A summit in Wellington on Monday aims to offer innovative solutions for the future of the wool industry.

Hosted by the Ministry for Primary Industries, it will bring together farmers, brokers, scientists, fashion designers and company brands.

Prince Charles, who initiated the global endeavour Campaign for Wool to raise awareness of the benefits of the fibre, has sent a message of support to be read at the event.

In a statement, Agriculture Minister Damien O'Connor said the industry had struggled to achieve unity, a common vision and strategic focus since the deregulation of wool in 1997 and unsuccessful levy referendum in 2014.


At the summit, "key players with experience and influence" would unpick the state of the industry, ask provocative questions and offer innovative solutions, he said.

"The fall of wool came at a time of revenue growth for sheep meat, meaning farmers were focused on sheep and beef production, rather than wool.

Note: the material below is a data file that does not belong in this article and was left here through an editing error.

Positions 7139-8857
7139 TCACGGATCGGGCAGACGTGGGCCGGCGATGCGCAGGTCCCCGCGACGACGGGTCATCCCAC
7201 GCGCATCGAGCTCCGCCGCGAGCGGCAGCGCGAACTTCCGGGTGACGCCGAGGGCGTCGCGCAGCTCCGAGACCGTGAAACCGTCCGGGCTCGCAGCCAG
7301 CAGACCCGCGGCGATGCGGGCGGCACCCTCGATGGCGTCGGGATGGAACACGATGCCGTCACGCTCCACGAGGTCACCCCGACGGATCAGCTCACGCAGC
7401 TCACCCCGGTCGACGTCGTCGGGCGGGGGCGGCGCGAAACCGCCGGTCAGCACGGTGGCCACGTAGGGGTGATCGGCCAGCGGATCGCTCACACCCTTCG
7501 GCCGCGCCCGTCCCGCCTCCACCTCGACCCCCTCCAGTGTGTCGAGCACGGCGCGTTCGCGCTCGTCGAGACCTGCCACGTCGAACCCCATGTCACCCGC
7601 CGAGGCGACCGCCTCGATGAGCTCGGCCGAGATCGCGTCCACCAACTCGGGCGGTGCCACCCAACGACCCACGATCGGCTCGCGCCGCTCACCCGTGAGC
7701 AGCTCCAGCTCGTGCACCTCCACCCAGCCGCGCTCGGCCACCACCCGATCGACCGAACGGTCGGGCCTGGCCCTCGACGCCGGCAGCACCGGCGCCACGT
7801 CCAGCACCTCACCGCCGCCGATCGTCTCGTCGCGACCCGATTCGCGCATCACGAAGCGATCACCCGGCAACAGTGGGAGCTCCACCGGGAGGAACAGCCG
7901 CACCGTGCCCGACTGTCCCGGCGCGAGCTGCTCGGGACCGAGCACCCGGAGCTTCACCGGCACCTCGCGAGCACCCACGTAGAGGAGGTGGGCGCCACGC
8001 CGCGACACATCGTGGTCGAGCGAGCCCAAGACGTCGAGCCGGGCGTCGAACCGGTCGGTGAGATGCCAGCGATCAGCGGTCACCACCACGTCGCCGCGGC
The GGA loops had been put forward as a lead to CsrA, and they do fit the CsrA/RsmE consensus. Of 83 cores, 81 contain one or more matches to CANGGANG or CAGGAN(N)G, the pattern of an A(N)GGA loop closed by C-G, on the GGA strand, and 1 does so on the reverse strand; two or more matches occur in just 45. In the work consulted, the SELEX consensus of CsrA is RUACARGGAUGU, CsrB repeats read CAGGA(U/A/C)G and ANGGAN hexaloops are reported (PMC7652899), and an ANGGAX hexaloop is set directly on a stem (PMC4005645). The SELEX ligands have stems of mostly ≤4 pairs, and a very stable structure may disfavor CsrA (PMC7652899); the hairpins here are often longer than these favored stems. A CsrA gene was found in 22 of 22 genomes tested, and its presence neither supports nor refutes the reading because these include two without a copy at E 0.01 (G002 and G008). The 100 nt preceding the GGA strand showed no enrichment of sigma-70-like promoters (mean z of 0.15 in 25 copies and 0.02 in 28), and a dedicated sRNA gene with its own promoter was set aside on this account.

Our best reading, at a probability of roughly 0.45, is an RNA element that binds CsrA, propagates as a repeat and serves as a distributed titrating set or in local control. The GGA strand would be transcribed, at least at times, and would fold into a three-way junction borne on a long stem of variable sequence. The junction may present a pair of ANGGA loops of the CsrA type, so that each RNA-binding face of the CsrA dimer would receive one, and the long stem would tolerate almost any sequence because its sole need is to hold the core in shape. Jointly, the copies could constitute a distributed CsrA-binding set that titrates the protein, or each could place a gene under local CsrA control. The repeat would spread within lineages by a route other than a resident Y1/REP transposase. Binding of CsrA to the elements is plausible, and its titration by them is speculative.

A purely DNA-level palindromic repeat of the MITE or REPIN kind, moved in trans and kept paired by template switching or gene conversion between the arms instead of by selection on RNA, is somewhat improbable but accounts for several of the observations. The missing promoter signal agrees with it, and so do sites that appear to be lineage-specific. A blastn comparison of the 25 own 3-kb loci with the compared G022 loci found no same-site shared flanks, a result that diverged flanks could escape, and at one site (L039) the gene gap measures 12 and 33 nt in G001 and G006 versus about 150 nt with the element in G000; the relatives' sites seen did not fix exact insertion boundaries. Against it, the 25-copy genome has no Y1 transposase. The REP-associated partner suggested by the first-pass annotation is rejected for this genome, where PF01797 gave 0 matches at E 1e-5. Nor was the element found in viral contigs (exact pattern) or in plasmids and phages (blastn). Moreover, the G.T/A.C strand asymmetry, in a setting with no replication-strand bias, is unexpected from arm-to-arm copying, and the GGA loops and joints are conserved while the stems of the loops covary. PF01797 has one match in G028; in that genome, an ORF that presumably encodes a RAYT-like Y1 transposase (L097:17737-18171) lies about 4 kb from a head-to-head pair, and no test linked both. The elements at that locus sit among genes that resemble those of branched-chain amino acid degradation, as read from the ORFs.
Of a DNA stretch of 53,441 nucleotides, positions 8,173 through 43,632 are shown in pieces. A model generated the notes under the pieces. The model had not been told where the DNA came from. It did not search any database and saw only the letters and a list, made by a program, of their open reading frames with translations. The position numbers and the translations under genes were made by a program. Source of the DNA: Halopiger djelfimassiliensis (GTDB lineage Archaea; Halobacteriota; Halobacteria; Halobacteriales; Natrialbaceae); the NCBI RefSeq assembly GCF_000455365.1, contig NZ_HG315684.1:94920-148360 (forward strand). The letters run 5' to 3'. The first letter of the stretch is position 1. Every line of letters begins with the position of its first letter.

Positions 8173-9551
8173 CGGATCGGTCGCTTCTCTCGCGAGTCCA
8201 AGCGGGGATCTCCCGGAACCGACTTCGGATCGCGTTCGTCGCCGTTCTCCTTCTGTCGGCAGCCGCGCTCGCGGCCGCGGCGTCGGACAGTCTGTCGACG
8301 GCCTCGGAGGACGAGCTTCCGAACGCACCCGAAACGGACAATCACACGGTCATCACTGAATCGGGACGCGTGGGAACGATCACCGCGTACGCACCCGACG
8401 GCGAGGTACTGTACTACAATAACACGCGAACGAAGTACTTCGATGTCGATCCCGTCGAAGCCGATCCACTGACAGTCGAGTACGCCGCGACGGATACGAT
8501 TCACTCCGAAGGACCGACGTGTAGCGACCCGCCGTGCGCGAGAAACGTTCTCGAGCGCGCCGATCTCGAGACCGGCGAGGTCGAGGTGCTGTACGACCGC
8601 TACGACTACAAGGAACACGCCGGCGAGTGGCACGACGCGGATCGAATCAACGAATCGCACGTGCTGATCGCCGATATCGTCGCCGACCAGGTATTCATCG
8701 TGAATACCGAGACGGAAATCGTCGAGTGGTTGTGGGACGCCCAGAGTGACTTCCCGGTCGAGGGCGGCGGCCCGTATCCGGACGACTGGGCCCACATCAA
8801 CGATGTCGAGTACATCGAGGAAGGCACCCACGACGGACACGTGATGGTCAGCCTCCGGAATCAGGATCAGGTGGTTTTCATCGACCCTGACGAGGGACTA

"Consumer trends are shaping our markets, with people buying products aligned to their social and environmental values.

"We must make the most of our unique natural advantages to grow value within resource limits," he said.

Federated Farmers meat and wool chairman Miles Anderson said it was hoped the summit would produce some tangible opportunities for collaboration to help move the industry forward.

While pleased that the industry's key stakeholders were gathering, it had to be "more than just another talkfest", he said.

"Wool has gone through enough dips. Let's come up with some concrete actions to reposition wool in its rightful place as the sustainable choice for all consumers," he said.

Fine-wool prices had reached record highs but that accounted for only 8% of production. From January to March, fine-wool export prices were five and a-half times higher than crossbred.


Last year, New Zealand produced 7.5% of the world's wool volume and exports were worth $522 million. Meat and wool exports were worth $9.2 billion.